‘Goodfellas’ saw actor Robert De Niro and Martin Scorsese reunite for a fourth time on screen. The film was critically and commercially acclaimed and received six Oscar nominations, going to win one. One of the most memorable moments of the movie had Joe Pesci, who won the Oscar for Best Supporting Actor, engage in a barrage of improvised accosts directed towards Ray Liotta’s character in the restraint scene. The reactions you see on screen are totally unfettered and had the cast barely holding on from bursting into laughter. Martin Scorsese allowed the cast to improvise in the rehearsals and took the best lines and put them in the script. The tirade not only gave us a peek into the character’s psyche but also added to the dark-humor in the movie.

 

5. Zoolander

‘Zoolander’ emerged as a sleeper hit and was very well received by the critics. Directed by Ben Stiller, the movie was a satire on the fashion industry and its preposterous condiments of narcissistic-dimwitted male models. The movie had its fair share of improvised acts, particularly from Stiller, but one stood out for its sheer bizarre circumstance and the awesome reaction of the other actor in the scene. The story behind it was hilarious and baffling considering Stiller was the director. Stiller forgot his dialogue, and then innocuously replied “What?” which was enough for David Duchovny who improvised a chunk of dialogues until the original exchanges were prompted to Stiller.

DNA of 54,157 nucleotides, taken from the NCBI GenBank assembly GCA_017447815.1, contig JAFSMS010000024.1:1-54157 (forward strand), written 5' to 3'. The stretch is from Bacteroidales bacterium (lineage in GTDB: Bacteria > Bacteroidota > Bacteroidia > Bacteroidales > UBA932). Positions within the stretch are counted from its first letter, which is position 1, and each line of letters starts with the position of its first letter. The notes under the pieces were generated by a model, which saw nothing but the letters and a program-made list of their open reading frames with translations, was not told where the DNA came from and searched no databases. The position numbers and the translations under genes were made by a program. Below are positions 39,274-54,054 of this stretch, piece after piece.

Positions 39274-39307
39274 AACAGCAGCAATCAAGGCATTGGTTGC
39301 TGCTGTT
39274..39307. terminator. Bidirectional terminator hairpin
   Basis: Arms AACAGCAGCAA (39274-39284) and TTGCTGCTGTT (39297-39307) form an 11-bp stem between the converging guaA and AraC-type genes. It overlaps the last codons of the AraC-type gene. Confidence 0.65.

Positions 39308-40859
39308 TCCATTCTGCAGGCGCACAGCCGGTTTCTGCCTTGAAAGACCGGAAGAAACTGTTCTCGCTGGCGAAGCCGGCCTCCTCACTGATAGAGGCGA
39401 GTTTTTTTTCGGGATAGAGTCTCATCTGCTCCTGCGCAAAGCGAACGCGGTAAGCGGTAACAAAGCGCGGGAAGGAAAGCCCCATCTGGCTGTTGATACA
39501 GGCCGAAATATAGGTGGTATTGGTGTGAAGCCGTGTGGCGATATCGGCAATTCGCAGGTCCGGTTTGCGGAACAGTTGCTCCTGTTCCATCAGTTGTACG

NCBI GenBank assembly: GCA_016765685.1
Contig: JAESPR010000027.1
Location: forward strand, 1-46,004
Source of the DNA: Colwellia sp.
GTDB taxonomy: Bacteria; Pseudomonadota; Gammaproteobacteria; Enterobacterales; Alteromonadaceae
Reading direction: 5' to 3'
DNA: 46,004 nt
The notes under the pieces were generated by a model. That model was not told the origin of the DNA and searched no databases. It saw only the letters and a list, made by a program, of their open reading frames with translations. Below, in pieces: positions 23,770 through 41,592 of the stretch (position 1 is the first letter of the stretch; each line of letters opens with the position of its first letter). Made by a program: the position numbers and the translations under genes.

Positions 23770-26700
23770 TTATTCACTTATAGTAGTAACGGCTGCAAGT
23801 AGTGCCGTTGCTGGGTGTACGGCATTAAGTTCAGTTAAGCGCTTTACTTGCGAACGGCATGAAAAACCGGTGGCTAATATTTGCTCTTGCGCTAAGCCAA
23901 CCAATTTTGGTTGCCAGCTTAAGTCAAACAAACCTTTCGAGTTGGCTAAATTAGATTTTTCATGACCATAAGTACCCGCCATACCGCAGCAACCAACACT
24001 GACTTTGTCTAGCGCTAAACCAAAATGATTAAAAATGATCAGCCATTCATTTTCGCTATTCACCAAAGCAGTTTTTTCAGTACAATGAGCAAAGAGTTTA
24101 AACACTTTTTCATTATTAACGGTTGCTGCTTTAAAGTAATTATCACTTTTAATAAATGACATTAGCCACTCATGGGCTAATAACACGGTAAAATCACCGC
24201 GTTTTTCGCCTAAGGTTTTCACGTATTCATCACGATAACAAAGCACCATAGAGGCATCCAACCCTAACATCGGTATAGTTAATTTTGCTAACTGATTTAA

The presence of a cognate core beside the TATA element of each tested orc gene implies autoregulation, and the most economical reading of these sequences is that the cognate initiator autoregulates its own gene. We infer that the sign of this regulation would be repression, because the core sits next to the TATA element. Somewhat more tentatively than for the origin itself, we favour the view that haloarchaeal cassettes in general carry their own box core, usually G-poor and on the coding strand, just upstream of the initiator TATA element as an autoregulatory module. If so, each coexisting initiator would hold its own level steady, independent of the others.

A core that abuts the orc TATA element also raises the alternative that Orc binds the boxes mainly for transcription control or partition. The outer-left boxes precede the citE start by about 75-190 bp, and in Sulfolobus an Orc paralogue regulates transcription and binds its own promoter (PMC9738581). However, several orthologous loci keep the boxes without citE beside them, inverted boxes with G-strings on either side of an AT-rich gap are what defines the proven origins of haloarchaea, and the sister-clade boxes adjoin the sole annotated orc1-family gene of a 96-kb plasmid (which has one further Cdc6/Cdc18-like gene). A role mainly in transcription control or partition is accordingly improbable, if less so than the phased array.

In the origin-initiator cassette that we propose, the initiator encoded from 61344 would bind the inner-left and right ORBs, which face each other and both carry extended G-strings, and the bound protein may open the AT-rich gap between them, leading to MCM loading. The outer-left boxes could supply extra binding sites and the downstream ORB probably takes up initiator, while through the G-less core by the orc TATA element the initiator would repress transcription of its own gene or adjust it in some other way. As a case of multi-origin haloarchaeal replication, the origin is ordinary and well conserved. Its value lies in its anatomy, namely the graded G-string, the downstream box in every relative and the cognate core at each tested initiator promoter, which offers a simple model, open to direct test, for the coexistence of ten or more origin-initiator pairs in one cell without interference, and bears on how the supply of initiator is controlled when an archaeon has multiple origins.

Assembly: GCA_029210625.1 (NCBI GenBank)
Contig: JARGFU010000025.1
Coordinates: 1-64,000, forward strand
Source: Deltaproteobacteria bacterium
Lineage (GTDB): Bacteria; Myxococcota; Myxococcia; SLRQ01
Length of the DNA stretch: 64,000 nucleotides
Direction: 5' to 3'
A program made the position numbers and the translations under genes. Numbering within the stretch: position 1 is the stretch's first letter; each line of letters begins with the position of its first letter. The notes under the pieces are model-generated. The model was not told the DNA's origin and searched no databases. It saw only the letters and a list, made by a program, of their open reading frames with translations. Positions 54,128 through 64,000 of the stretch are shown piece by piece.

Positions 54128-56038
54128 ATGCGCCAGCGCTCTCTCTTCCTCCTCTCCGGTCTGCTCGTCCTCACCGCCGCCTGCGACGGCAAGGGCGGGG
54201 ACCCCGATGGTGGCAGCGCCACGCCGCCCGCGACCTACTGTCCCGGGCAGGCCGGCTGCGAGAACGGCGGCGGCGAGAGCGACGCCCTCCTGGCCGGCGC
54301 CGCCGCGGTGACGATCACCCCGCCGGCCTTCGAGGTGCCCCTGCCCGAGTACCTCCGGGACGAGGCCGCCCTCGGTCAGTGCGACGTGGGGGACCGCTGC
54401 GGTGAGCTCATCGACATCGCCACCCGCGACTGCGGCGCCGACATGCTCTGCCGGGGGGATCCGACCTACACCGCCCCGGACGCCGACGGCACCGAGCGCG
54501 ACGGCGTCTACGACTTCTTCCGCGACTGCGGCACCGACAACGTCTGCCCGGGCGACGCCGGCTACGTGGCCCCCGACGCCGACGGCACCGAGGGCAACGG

4. A Clockwork Orange

Steven Kubrick was a visionary dystopian and an extremely meticulous director. The pains and efforts he took to detailing every scene in his movies are baffling. A Clockwork Orange turned out to be a career changing film for Malcolm McDowell, who went on to feature in many blockbusters thereafter. One of the most disturbing scenes on the film is the famous ‘Singing in the Rain’ scene, in which Malcolm was given an absolute liberty by Kubrick to use the set and improvise the rape scene with Adrienne Corri. What followed not only disturbed the actress but was equally shocking for the audiences. Malcolm’s improvised crooning of the title song-track with a blissful crescendo sent shock-waves in the industry.